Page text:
Fragrance in the writings of George MacDonaldJY slow degrees the summer bloomed. Green came instead of white; rainbows instead of icicles. The grounds

Summer Afternoon

BY slow degrees the summer bloomed. Green came instead of white; rainbows instead of icicles. The grounds about the Hall seemed the incarnation of a summer which had taken years to ripen to its perfection. The very grass seemed to have aged into perfect youth in that "haunt of ancient peace;" for surely nowhere else was such thick, delicate bladed, delicate-coloured grass to be seen. Gnarled old trees of may stood like altars of smoking perfume, or each like one million-petalled flower of upheaved whiteness—or of tender rosiness, as if the snow which had covered it in winter had sunk in and gathered warmth from the life of the tree, and now crept out again to adorn the summer. The long loops of the laburnum hung heavy with gold towards the sod below; and the air was full of the fragrance of the young leaves of the limes. Down in the valley below, the daisies shone in all the. meadows, varied with the buttercup and the celandine; while in damp places grew large pimpernels, and along the sides of the river, the meadow-sweet stood amongst the reeds at the very edge of the water, breathing out the odours of dreamful sleep. The clumsy pollards were each one mass of undivided green. The mill-wheel had regained its knotty look, with its moss and its dip and drip, as it yielded to the slow water, which would have let it alone, but that there was no other way out of the land to the sea.
Annals of a quiet neighbourhood
By George Macdonald

From many a spot you might look in all directions and not see a sign of human or any other habitation. Even then however, you might, to be sure, most likely smell the perfume—to some nostrils it is nothing less than perfume — of a peat fire, although you might be long in finding out whence it came; for the houses, if indeed the dwellings could be called houses, were often so hard to be distinguished from the ground on which they were built, that except the smoke of fresh peats were coming pretty freely from the wide-mouthed chimney, it required an experienced eye to discover the human nest. The valleys that opened northward produced little; there the snow might some years be seen lying on patches of oats yet green, destined now only for fodder; but where the valley ran east and west, and any tolerable ground looked to the south, there things put on a different aspect. There the graceful oats would wave and rustle in the ripening wind, and in the small gardens would lurk a few cherished strawberries, while potatoes and peas would be tolerably plentiful in their season.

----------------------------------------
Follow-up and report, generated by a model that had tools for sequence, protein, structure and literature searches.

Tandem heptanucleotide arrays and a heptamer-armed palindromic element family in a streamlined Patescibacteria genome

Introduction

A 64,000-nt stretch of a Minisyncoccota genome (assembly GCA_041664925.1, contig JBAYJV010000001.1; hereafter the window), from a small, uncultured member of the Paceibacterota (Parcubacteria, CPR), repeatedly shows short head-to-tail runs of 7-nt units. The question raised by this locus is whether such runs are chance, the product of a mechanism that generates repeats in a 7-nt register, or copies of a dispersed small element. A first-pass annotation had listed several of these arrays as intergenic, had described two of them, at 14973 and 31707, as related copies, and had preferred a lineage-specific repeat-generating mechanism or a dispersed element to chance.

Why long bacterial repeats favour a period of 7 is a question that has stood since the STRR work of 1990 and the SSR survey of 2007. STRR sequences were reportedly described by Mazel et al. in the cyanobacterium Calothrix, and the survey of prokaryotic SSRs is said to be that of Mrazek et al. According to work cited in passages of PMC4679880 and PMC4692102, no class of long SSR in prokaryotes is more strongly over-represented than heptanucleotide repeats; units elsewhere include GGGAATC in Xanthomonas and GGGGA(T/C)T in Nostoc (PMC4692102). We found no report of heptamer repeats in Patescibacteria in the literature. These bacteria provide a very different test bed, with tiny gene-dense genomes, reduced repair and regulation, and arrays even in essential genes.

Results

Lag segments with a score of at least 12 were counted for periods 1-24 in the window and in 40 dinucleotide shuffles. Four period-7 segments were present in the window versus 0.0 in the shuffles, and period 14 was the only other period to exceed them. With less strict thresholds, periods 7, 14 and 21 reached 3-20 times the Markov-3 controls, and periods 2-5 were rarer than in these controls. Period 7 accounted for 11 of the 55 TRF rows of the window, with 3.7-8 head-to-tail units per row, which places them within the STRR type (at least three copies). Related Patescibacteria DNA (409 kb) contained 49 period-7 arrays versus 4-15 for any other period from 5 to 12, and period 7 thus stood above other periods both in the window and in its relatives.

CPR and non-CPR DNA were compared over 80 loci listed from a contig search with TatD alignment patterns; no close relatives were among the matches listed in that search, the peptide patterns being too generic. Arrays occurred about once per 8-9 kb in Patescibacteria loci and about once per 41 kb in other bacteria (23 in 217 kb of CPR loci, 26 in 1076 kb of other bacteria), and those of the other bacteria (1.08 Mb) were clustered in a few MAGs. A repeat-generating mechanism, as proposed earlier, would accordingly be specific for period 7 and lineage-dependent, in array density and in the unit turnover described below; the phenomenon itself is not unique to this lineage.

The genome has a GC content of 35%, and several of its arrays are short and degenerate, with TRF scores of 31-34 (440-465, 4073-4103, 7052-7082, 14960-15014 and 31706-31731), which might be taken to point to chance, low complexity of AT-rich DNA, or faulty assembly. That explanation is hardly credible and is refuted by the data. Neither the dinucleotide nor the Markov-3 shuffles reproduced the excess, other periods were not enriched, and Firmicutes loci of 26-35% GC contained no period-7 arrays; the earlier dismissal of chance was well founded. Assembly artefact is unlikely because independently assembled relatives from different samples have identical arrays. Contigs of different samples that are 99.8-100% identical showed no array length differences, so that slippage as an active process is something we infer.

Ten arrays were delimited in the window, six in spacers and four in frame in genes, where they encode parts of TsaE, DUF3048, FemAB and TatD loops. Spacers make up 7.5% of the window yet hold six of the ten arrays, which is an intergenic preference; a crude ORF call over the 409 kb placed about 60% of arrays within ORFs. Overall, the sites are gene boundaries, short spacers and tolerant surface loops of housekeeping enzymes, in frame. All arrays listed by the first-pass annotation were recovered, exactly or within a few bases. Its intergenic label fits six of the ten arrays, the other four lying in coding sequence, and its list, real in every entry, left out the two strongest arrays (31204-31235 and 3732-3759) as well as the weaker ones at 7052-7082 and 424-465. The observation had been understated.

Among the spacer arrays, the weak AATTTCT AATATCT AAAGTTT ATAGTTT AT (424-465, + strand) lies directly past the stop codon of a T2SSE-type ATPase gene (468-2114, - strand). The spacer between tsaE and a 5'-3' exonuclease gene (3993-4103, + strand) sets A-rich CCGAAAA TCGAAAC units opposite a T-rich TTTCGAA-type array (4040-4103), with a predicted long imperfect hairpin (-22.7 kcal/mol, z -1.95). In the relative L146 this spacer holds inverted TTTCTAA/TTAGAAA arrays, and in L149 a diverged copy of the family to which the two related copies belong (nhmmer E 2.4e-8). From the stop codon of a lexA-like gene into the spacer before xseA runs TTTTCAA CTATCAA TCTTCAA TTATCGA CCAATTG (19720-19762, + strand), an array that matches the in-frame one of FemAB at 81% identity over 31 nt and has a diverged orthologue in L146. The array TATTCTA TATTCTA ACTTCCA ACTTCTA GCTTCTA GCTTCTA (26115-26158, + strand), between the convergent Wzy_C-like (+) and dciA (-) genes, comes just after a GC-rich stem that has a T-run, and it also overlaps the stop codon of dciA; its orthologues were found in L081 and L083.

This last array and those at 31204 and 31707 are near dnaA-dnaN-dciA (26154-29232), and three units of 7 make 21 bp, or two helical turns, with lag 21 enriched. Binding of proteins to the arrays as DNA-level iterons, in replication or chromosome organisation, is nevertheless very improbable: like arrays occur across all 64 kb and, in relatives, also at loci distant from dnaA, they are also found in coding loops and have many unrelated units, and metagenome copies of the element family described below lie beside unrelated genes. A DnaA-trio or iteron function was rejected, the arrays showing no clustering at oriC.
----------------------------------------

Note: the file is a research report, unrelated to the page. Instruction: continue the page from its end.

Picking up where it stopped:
Warlock o' Glenwarlock: A homely romance
By George MacDonald

The roar of the city had relaxed. There would be no more blocks in Gracechurch Street that night. There was little smoke in the air, only enough to clothe the dome of St. Paul's in a faintly rosy garment, tinged from the west, where the sun was under a cloud. The huge mass looked ethereal, melted away as to a shell of thicker air against a background of slate-colour, where a wind was gathering to flow at sunset through the streets and lanes, cooling them from the heat of the day, of the friction of iron and granite, of human effort, and the thousand fires that prepared the food of the city-dining population. Crossing the chief thoroughfares, they went down one of the lanes leading towards the river. Here they passed through a sultry region of aromatic fragrance, where the very hooks that hung from cranes in doorways high above the ground, seemed to retain something of the odour of the bales they had lifted from the waggons below during the hot sunshine that wiled out their imprisoned essences. By yet closer alleys they went towards the river, descending still, and at length, by a short wooden stair, and a long wooden way, they came on a floating pier. There the wind blew sweet and cooling, and very grateful, for the summer was early and fervid.
Guild court
By George Macdonald